Earlier this month, George L. Miller, the chapter 7 trustee (the “Trustee”) in the GRA Liquidation bankruptcy proceeding began filing preference complaints against various defendants. For those not familiar with the GRA Liquidation bankruptcy, Debtor Pecus ARG Holding, Inc. and certain affiliated companies (the “Debtors”) filed chapter 11 petitions for bankruptcy with the Delaware Bankruptcy Court on January 15, 2009. At the time the company filed for bankruptcy, Debtors owned and operated the Black Angus Restaurants. This post will look briefly at the Debtors’ business, why Debtors filed for bankruptcy as well as the first steps of the Trustee now that he has commenced the preference actions.
Debtors began their operations in 1964 as the Black Angus Steakhouse in Seattle, Washington. By the time Debtors filed for bankruptcy protection in Delaware, the company had grown to 69 restaurants located in 7 states throughout the western United States and Hawaii. Going in to bankruptcy, Debtors had $53 million in secured debt under a revolving credit agreement and $13 million reserved for letters of credit. For more information regarding Debtors background and operations, see Debtors’ Declaration in Support of First Day Motions (the “Declaration”), a copy of which is available here for review.
Events Leading to Bankruptcy
This is not the Debtors first time in bankruptcy. In 2004, Debtors’ predecessor, American Restaurant Group, filed petitions for bankruptcy in the United States Bankruptcy Court for the Central District of California. Following their first bankruptcy, Debtors borrowed over $25 million to upgrade their restaurants and Debtors’ operating systems. Despite Debtors’ efforts, profits and revenues continued to drop. Debtors attributed their poor performance, in part, to the fact that their restaurants were located in areas hardest hit by the recession. Declaration at *7.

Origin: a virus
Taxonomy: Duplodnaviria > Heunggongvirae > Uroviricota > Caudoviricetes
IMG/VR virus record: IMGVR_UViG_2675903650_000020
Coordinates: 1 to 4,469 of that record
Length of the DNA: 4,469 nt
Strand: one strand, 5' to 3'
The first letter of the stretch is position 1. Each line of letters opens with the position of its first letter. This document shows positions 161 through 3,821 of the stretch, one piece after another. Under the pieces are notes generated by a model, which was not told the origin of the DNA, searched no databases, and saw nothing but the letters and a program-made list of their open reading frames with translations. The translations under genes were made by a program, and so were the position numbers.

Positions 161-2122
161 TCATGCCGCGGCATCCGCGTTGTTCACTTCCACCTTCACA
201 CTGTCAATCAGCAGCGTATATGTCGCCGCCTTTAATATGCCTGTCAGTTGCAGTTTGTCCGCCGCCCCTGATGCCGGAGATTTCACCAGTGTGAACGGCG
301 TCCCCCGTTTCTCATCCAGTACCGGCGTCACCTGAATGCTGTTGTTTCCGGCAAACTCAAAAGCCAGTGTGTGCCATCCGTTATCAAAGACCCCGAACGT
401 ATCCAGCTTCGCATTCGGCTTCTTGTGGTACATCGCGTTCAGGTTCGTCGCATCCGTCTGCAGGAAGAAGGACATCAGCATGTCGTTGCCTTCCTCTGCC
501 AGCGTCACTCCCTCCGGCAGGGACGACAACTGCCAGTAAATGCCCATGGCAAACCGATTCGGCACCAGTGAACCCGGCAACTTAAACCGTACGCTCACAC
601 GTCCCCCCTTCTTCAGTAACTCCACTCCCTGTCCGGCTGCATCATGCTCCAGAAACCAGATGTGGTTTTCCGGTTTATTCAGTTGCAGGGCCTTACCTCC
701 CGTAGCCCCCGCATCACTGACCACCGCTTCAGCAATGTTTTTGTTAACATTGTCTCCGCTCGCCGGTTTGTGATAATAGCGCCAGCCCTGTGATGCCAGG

The Delaware Bankruptcy Proceeding
Debtors filed for bankruptcy intending to reject unprofitable restaurant leases and continue with their efforts to sell their businesses as a going concern. Declaration at *9. On March 13, 2009, the Delaware Bankruptcy Court entered an order approving the sale of Debtors’ assets to Taurian BA, LLC. Pursuant to the sale order, Debtors liquidated substantially all of their remaining assets and ceased business operations. On April 6, 2010, the Bankruptcy Court entered an order converting the Debtors’ bankruptcy proceeding to a chapter 7 liquidation. Soon after, on May 3, 2010, George L. Miller was appointed the chapter 7 trustee. As the Trustee, Miller is pursuing various causes of action against creditors and third parties, including the preference actions filed earlier this month.
This bankruptcy proceeding is before the Honorable Kevin J. Carey. Judge Carey is the Chief Judge of the Delaware Bankruptcy Court. The Trustee is represented by the law firm of Ciardi Ciardi & Astin.